Brain Magnetic Resonance Imaging Technique

Updated: Nov 06, 2019
  • Author: Omar Islam, MD, FRCPC, DABR; Chief Editor: Mahan Mathur, MD  more...
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Approach Considerations

The basic types of sequences used in brain MRI create either T1-weighted or T2-weighted images.

In T1-weighted images, CSF and fluid appear dark. Gray matter is darker than white matter.

Sagittal T1 Sagittal T1

In T2-weighted images, CSF and fluid have a higher signal intensity than tissue and therefore appear bright. [4]

Other specialized sequences are also available and can be useful to demonstrate various pathologies. Research continues for the development of new specialized sequences. Some specialized sequences include the following:

  • FLAIR (T2 with water suppression)

  • T2 with fat suppression

  • T1 with contrast

  • Echoplanar

  • Proton density

  • MR spectroscopy (MRS)

  • Functional MRI (fMRI)

  • Perfusion MR

  • MR angiography/venography (see image below)

  • Diffusion and diffusion tensor MR [9]

  • Diffusion-weighted imaging (good for small strokes)

  • Gradient echo (GRE)

  • Fast imaging employing steady-state acquisition (FIESTA) [1, 4]

    Magnetic Resonance Angiography Magnetic Resonance Angiography

In the MRI Machine

Patients are instructed to lie supine and to stay still with their hands at their side. Patients might be asked to hold their breath for certain short periods. Additionally, patients might also receive short breaks between scans.

Each scan takes 30 seconds to 3 minutes, and the procedure can take up to an hour.

A head coil helmet is placed around the patient’s head. The helmet allows the patient to see outside, thereby minimizing claustrophobia. [17]

The patient is able to communicate outside the room with a two-way intercom.

Some machines play music or display TV, hence minimizing symptoms of claustrophobia and reducing the loud scanner noises. Vibrations might be felt along with the scanner noises that are produced.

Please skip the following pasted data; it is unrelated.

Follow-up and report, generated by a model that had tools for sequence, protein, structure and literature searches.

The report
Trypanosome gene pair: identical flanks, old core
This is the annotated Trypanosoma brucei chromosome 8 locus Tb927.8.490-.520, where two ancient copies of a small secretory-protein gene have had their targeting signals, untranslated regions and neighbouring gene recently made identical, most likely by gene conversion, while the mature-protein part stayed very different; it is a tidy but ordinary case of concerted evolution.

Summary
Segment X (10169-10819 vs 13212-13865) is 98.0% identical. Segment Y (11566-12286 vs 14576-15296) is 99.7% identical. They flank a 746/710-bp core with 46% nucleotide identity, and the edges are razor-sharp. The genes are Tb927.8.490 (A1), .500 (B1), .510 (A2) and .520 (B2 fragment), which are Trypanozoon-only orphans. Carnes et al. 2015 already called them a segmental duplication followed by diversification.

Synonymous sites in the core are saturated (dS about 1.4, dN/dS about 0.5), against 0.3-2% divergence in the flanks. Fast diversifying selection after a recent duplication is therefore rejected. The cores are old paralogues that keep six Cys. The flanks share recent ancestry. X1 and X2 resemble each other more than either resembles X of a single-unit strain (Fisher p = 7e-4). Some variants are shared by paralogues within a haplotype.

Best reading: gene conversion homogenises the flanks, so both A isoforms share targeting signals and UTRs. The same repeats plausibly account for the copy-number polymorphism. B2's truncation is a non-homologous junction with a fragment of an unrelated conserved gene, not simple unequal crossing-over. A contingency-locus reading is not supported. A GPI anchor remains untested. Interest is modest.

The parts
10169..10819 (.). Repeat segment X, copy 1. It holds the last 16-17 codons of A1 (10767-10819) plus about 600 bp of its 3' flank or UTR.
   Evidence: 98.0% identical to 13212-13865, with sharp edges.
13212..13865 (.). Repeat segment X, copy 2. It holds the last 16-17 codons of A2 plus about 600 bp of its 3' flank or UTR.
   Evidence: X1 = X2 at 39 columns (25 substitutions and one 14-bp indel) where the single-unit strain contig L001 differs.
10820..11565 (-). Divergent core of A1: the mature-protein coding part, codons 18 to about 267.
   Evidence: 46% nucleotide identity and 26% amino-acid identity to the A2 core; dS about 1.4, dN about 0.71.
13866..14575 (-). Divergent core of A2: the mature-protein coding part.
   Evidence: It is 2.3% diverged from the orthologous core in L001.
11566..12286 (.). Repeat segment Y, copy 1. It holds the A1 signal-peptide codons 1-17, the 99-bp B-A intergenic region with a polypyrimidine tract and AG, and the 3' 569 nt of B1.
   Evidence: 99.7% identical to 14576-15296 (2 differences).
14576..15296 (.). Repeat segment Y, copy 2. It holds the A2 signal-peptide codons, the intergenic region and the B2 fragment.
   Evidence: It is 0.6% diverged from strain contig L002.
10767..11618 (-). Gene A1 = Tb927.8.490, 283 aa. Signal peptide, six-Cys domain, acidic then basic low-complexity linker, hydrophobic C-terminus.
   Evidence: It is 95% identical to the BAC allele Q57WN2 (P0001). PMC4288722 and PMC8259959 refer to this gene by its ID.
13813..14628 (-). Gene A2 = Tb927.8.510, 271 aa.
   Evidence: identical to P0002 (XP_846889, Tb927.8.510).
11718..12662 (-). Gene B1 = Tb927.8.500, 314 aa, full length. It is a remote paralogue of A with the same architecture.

A panic button is also provided to the patient to abandon the procedure if he/she cannot continue further. Patients are also advised to inform the technician if they feel uncomfortable. [17]



The International Society for Magnetic Resonance in Medicine released guidelines on the clinical and research use of gadolinium-based contrast agents. [20]  The key recommendations included: 

  • Caution is urged in the use of gadolinium-based contrast agents (GBCAs). Use of GBCAs should be avoided when not necessary.
  • GBCAs should not be withheld from patients with a clinical indication for gadolinium-enhanced MRI. The physician responsible for the administration of a contrast agent should understand the benefits and risks of the agent.
  • The clinical indication for which a GBCA is administered, the specific contrast agent used, its dosage, and other pertinent information should be documented in the patient's medical record.
  • Some commercially available macrocyclic agents might deposit less gadolinium than some linear agents; however, evidence shows that gadolinium deposition in the brain can also occur after the administration of macrocyclic agents. Evidence suggests differences in gadolinium deposition rates among macrocyclic agents and among linear agents, although some data are discordant. Relaxivity differences between contrast agents and between the potentially deposited chemical species can complicate the interpretation of differences in signal intensity.
  • No evidence shows any harmful effects from the deposition of gadolinium, and therefore whether use of macrocyclic agents should be favored over linear agents is unclear.
  • When choosing a contrast agent, many factors should be considered, including pharmacokinetics, relaxivity, efficacy, potential side-effects (such as allergic reactions), patient age, probability of the need for repeated examinations, and cost. Institutions should weigh these factors and consider that some agents might have a greater propensity for deposition than others.